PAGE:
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    LOL....

    I even say thank-you to bank machines....

    :rofl
  9. Ragin Rabbi

    Ragin Rabbi Semper Fidelis

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    It is funny, Canada and Canadians are supposedly so polite, except to one another when holding a "protest". More like mini riots...

    Or are they riots in which protests break out?

    All I know, they goofed up my moto-trip plans a bit...

    Bastards. Excuse me, eh?
  10. g®eg

    g®eg Canadian living in exile

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    Monaco Grand Prix 2012: McLaren set to offer Lewis Hamilton a new £20m contract

    McLaren are ready to offer Lewis Hamilton a new contract worth around £20 million per year in an effort to tie down the future of a driver who has been with them since the age of 13.



    The Telegraph
  11. g®eg

    g®eg Canadian living in exile

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    well... it is the French element after-all.
  12. FreeTheBeast

    FreeTheBeast Shunpiker

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    I'll be at the race, too. Don't need no stinking protests...other than Massa protesting Hamilton's driving.
  13. wxwax

    wxwax Excited Member

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    After Sergio Perez concussed himself on the barrier coming out of the Monaco tunnel last year (it seems longer ago than that, for some reason) the track announced it would move the barrier back 20 meters.

    At the time, I thought that 20 meters wasn't much.

    But watching practice, it really does look like a big difference. It gives the drivers much more time to make an adjustment if they blow the chicane. If they're out of control, it's 20 more meters of pavement dragging on tires to slow the car down.
  14. wxwax

    wxwax Excited Member

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    It rained in P2 and Senna went into an overrun area. Then he put the car in reverse and backed out.

    Reverse?!

    Maybe somewhere in the back of my mind I knew these things had reverse, but if I did, it was buried. Very cool.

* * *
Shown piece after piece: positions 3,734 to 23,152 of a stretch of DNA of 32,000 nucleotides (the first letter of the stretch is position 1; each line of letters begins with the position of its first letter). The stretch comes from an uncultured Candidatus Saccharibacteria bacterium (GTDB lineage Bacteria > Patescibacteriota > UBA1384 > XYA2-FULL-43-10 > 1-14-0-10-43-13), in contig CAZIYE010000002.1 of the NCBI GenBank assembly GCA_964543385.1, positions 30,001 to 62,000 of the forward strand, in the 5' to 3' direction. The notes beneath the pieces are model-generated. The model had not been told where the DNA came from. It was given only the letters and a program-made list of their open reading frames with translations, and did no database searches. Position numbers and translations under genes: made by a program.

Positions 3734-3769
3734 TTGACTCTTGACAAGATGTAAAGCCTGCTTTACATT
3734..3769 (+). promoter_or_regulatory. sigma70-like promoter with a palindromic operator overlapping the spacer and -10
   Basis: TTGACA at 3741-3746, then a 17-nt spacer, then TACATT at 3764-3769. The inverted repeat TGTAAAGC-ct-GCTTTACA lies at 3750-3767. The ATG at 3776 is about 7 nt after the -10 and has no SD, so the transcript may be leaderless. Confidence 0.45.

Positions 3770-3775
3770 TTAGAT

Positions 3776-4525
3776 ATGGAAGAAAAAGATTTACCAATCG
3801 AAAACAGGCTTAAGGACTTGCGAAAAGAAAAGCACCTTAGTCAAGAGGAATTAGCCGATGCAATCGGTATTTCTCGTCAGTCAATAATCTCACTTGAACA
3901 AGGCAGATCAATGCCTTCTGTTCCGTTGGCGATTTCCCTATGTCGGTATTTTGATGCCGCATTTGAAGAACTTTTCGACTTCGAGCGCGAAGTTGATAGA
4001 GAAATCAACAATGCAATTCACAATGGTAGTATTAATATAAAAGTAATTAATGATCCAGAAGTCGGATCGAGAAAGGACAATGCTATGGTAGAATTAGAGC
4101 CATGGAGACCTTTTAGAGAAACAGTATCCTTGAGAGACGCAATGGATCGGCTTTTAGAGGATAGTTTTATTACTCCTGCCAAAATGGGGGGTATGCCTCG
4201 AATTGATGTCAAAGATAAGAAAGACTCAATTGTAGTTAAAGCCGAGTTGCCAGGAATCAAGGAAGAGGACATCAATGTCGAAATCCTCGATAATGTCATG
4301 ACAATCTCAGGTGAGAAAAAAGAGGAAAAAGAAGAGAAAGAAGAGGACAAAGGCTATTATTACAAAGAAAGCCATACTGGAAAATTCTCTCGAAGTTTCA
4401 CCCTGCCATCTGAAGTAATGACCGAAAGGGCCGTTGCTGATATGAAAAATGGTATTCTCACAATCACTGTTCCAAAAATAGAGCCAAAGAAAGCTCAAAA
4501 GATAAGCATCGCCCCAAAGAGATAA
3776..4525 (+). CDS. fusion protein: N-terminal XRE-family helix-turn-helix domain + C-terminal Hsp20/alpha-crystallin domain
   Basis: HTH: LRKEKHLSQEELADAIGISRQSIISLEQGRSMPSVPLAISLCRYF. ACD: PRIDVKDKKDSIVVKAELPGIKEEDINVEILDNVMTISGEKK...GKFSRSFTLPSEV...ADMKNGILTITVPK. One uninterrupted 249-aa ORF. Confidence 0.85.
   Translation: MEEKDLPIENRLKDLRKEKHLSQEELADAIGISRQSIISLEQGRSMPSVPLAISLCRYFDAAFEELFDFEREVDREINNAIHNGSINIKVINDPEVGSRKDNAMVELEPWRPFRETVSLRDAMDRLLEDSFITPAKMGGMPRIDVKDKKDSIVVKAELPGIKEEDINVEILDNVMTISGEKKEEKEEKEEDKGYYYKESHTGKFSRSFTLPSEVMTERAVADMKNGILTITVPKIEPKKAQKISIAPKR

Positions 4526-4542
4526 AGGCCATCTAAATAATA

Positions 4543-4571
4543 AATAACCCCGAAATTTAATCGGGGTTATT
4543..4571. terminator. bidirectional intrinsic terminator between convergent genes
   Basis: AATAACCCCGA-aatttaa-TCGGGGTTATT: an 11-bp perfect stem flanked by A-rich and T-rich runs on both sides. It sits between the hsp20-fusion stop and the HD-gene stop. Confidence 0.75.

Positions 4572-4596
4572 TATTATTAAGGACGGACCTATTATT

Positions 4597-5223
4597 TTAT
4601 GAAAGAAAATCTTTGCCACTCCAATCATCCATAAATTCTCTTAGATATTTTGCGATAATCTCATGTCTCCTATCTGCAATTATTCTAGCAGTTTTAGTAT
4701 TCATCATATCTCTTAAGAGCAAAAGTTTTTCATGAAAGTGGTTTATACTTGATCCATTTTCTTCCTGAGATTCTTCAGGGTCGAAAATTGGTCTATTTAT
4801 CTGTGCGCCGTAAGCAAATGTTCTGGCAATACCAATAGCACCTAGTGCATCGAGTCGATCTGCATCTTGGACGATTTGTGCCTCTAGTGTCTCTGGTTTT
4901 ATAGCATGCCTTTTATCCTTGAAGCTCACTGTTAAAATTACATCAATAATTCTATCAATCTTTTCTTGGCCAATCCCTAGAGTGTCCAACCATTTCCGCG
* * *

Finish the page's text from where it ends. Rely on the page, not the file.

15. A. T. T-W

    A. T. T-W Can't be bothered.

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    For most of its history, F1 cars had a reverse gear. At some stage the rule was introduced that reversing on the track (and once the race begins, that includes the pit-lane) was an automatic disqualification. IIRC Mansell overshot his box in a race, reversed back in the pit-lane and was then red-flagged.

    Taken together with the introduction of gravel run-off areas (where no amount of reversing would un-stick a beached car), most teams stopped including reverse in their gearboxes in the search for weight-loss.

    With the coming of hard run-off areas, any driver that found himself with his car's nose facing a tyre-wall then risked disqualification if he received "outside assistance" by being pushed backwards enough to rejoin the race.

    The weight and added complexity (minimal) of putting a reverse gear back became less of a penalty and they've been carrying that extra gear for some years now.
  16. wxwax

    wxwax Excited Member

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    Matchett said reverse is required by the regs, and that they're built so lightweight that they often break when used. Lots of cars went into that runoff area and the Caterham did indeed break its reverse.
  17. g®eg

    g®eg Canadian living in exile

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    LOL

    [​IMG]
  18. wxwax

    wxwax Excited Member

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    Hmmm, having trouble understanding that!

    Let's see. It's Sergio Perez. He had a nasty wreck last year at Monaco. So... the national colors are Mexico, the wrestler suggests he's ready for another round (?) and the CH in the heart is Switzerland, Sauber's base.

    Am I close? Who's the wrestler?
  19. wxwax

    wxwax Excited Member

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    A good short piece on Ross Brawn and Renault's Jean-Francois Caubet both pressing for the hybrid V-6 engine to be mandated for the 2014 season, no more delays.

    Their point is that auto manufacturers would be more likely to get into F1 if the engine is something that applies to their fleets. The V-8 is no longer relevant to car makers.
  20. JNRobert

    JNRobert Breaking Wind

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    Better yet make them 2.5l 4 cylinder turbo's with boost and rev limits (say 2 bar and 16k). That would be even more relevant.